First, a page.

HERE ARE SOME ADVANCES MADE BY LEONARDO DA VINCI:
external image 180px-Studies_of_the_Arm_showing_the_Movements_made_by_the_Biceps.jpgANATOMY external image 180px-Design_for_a_Flying_Machine.jpgFLYING MACHINE external image 180px-Da_Vinci_Studies_of_Embryos_Luc_Viatour.jpgThe WOMB
http://en.wikipedia.org/wiki/Leonardo_da_Vinci

This led to the Industrial Revolution. More than the greatest gains of the Renaissance, the Reformation, Scientific Revolution or Enlightenment, the Industrial Revolution implied that man now had not only the opportunity and the knowledge but the physical means to completely subdue nature. No other revolution in modern times can be said to have accomplished so much in so little time. *But the Industrial Revolution really could not have existed if it were not for the Scientific Revolution.* The Industrial Revolution attempted to effect man's mastery over nature. This was an old vision, a vision with a history. In the 17th century, the English statesman and "Father of Modern Science, Francis Bacon, believed that natural philosophy could be applied to the solution of practical problems, and so, the idea of modern technology was born. For Bacon, the problem was this: how could man enjoy perfect freedom if he had to constantly labor to supply the necessities of existence? His answer was clear -- machines. These labor saving devices would liberate mankind, they would save labor which then could be utilized elsewhere. "Knowledge is power," said Bacon, and scientific knowledge reveals power over nature.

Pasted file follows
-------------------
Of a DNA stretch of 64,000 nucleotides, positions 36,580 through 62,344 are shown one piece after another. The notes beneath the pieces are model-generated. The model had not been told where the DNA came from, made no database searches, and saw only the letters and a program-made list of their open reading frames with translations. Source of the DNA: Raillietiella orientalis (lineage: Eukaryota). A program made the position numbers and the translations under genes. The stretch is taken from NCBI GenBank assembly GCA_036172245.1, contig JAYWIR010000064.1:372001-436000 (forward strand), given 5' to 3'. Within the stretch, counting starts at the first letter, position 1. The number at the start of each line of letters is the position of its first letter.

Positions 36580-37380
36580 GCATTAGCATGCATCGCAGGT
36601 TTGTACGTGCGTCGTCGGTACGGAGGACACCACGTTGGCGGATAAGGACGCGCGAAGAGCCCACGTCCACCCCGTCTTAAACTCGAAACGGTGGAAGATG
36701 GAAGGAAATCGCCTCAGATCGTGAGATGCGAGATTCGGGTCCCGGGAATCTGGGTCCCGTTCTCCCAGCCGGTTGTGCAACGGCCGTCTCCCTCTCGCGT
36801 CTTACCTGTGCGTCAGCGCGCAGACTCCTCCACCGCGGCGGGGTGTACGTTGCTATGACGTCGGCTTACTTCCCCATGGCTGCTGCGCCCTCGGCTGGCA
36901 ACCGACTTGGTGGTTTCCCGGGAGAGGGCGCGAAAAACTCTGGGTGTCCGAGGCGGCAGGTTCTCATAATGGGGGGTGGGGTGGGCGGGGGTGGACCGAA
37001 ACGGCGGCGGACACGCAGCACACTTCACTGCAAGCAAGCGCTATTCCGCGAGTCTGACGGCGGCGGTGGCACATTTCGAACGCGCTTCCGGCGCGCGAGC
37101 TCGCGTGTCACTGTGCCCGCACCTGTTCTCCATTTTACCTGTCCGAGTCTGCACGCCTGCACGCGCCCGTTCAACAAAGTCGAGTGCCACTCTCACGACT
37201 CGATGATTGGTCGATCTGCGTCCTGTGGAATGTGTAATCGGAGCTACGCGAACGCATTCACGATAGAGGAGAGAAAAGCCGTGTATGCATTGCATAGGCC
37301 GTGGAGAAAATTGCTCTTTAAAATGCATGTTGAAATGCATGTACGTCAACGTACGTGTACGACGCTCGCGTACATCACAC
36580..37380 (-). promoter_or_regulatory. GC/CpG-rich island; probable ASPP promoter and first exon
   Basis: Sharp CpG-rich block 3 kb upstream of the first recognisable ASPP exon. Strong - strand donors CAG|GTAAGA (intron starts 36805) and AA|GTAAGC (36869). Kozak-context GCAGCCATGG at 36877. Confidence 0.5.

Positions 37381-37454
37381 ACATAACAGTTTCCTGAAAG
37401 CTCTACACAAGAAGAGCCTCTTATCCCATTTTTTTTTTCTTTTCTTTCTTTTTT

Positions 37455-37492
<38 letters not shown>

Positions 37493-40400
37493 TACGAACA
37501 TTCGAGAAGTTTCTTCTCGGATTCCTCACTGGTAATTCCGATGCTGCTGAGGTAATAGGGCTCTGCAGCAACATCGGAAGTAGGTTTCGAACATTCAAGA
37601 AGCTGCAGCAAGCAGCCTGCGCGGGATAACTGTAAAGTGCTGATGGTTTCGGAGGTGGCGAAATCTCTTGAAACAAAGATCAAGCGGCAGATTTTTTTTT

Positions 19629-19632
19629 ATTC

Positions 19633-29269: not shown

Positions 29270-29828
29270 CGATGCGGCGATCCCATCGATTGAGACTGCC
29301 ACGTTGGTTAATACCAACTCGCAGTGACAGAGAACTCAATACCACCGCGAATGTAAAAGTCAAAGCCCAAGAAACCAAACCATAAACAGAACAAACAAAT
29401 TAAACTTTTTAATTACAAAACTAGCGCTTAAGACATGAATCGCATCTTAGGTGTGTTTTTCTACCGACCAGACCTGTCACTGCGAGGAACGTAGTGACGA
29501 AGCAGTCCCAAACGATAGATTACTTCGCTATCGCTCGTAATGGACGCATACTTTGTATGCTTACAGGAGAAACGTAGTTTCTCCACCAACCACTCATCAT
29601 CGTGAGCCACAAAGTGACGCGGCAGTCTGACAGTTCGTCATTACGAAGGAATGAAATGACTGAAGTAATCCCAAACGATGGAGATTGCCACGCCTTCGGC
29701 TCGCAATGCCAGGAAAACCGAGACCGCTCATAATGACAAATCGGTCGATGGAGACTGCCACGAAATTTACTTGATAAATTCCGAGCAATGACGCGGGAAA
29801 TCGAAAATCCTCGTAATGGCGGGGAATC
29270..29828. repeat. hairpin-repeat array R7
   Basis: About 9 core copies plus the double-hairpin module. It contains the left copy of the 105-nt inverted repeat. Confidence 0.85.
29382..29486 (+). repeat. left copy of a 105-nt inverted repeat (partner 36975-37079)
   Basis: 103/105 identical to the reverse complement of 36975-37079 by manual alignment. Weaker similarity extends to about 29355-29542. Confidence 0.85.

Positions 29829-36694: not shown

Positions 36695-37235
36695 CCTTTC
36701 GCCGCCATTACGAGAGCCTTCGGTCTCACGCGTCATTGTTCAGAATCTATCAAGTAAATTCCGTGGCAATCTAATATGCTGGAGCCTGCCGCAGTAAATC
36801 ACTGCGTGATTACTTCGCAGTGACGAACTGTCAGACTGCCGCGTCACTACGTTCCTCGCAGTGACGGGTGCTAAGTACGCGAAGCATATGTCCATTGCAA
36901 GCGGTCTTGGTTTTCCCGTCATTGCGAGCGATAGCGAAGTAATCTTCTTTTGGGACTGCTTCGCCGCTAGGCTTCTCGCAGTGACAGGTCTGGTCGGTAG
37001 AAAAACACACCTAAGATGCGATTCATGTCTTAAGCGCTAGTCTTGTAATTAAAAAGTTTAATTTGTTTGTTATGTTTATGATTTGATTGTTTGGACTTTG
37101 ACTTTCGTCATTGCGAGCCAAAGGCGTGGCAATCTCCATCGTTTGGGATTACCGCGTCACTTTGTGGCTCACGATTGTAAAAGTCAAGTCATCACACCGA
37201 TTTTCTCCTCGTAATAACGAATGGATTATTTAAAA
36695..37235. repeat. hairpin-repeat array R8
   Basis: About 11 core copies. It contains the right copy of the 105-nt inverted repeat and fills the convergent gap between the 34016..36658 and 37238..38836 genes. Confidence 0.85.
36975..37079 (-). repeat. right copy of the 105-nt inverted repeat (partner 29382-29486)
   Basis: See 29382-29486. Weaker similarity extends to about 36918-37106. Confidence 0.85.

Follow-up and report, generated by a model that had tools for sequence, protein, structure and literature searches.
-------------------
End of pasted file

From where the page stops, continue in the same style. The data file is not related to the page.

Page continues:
GLOBAL ECONOMY : PAST, PRESENT, AND FUTURE

All of these events set the motives for today's Global Economy ....................................


RENAISSANCE

The Renaissance was an incredibly important turning point in Western Intellectual and Cultural Tradition. All of these changes